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New York Bar Exam

Many LL.M. students choose to sit for a bar examination in the United States upon completion of their Master of Laws studies. Although most states do not permit individuals to sit for their bar examinations unless they hold a J.D. degree from a U.S. law school, California and New York are the most notable exceptions to this rule. Many LL.M. students sit for the bar exam in New York State because its admission rules are hospitable to attorneys trained outside the U.S. This goal can generally be achieved within the confines of the educational curriculum of the Wake Forest LL.M. program, though please be sure to refer to the regulations pertinent to the required legal education for those that have studied Law in a foreign country. Your academic and professional advisors will be able to counsel you on these requirements as well.

Foreign lawyers who intend to reside permanently and practice law in the United States or those who wish to take other state bar examinations should consider applying for the Two-Year JD for International Lawyers program at Wake Forest Law.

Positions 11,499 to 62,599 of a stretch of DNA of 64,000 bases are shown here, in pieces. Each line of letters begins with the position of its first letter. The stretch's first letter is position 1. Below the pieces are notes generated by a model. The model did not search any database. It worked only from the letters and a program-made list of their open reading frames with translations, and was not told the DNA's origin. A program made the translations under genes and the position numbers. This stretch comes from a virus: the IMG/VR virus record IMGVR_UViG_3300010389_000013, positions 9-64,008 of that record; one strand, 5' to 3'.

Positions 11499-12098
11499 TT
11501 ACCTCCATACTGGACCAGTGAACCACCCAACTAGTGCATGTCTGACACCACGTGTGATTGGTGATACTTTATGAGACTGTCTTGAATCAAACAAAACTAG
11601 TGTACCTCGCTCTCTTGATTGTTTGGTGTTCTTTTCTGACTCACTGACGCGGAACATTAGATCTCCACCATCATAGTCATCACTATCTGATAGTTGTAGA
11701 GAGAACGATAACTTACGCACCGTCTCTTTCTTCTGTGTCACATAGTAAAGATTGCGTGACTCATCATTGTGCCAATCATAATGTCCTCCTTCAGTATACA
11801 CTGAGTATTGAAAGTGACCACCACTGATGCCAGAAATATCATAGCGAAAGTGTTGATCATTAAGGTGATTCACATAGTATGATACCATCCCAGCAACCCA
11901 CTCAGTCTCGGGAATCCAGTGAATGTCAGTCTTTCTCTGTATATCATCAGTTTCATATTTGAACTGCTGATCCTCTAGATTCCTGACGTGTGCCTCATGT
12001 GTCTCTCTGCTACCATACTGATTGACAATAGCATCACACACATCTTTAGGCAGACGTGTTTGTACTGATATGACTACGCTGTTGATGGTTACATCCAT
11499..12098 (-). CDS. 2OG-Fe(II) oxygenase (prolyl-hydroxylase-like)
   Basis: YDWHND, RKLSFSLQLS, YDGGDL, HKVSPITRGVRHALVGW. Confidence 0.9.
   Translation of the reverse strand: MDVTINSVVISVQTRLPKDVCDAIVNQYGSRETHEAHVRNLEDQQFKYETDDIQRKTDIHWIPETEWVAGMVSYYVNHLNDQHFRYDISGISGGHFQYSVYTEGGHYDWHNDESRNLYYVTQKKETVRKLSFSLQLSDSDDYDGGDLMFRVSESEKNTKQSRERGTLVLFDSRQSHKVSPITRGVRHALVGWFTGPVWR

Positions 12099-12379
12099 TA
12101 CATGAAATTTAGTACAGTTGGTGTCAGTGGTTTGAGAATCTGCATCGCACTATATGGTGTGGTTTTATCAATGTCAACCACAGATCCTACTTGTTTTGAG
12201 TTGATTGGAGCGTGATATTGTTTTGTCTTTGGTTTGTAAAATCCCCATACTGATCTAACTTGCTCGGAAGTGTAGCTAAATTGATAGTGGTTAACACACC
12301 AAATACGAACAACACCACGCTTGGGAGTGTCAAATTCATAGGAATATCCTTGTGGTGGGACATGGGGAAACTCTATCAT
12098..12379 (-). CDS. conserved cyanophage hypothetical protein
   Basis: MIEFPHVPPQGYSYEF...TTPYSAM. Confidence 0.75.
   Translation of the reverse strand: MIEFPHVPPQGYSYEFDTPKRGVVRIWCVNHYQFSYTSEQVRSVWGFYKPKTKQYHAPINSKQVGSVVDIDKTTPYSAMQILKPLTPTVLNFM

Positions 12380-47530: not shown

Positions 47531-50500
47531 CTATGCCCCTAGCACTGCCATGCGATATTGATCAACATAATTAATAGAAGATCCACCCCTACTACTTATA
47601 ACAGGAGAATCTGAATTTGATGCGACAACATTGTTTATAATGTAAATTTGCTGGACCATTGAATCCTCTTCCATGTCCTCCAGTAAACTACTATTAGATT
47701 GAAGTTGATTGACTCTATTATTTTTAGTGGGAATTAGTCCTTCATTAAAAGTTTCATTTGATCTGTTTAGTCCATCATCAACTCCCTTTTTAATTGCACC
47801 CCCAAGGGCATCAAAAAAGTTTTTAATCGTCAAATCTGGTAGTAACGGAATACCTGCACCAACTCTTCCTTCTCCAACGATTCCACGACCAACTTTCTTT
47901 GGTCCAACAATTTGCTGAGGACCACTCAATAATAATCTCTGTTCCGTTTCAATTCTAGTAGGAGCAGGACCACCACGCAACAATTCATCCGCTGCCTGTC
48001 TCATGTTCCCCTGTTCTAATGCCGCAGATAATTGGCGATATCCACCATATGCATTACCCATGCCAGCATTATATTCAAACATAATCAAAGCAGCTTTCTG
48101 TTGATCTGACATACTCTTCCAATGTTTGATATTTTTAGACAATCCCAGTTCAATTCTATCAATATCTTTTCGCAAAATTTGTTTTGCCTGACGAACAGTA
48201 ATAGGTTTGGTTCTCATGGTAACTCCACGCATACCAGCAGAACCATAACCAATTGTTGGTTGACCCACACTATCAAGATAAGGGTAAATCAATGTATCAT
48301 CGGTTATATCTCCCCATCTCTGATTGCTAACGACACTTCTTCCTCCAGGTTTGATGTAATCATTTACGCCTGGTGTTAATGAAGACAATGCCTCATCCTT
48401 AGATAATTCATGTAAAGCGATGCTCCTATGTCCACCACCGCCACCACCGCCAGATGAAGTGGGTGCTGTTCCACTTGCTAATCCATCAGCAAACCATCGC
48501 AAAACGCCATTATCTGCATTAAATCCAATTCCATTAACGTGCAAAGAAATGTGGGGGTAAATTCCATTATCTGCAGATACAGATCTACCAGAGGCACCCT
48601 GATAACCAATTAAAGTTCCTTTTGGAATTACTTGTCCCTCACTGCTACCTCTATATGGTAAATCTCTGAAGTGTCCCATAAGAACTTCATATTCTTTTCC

New York Bar Overview:
If you are considering taking the NY Exam, you should carefully read the information on the official website of the Board of Law Examiners of the State of New York (BOLE), http://www.nybarexam.org/.

Advance Evaluation of Eligibility for Foreign Educated Applicants: 
All first-time foreign-educated applicants must submit their credentials to the NY BOLE to determine their eligibility for admission to the bar at least 6 months prior to the start of the application filing period for the exam they wish to take. Applicants should carefully review the eligibility requirements and the application process for the advance evaluation, which can be found on the New York Bar website at http://www.nybarexam.org/Foreign/ForeignLegalEducation.htm. After submitting  both the Online Foreign Evaluation Form and all required documents, you should receive a decision on your eligibility in approximately ten to twelve weeks.

Facts about the NY Bar: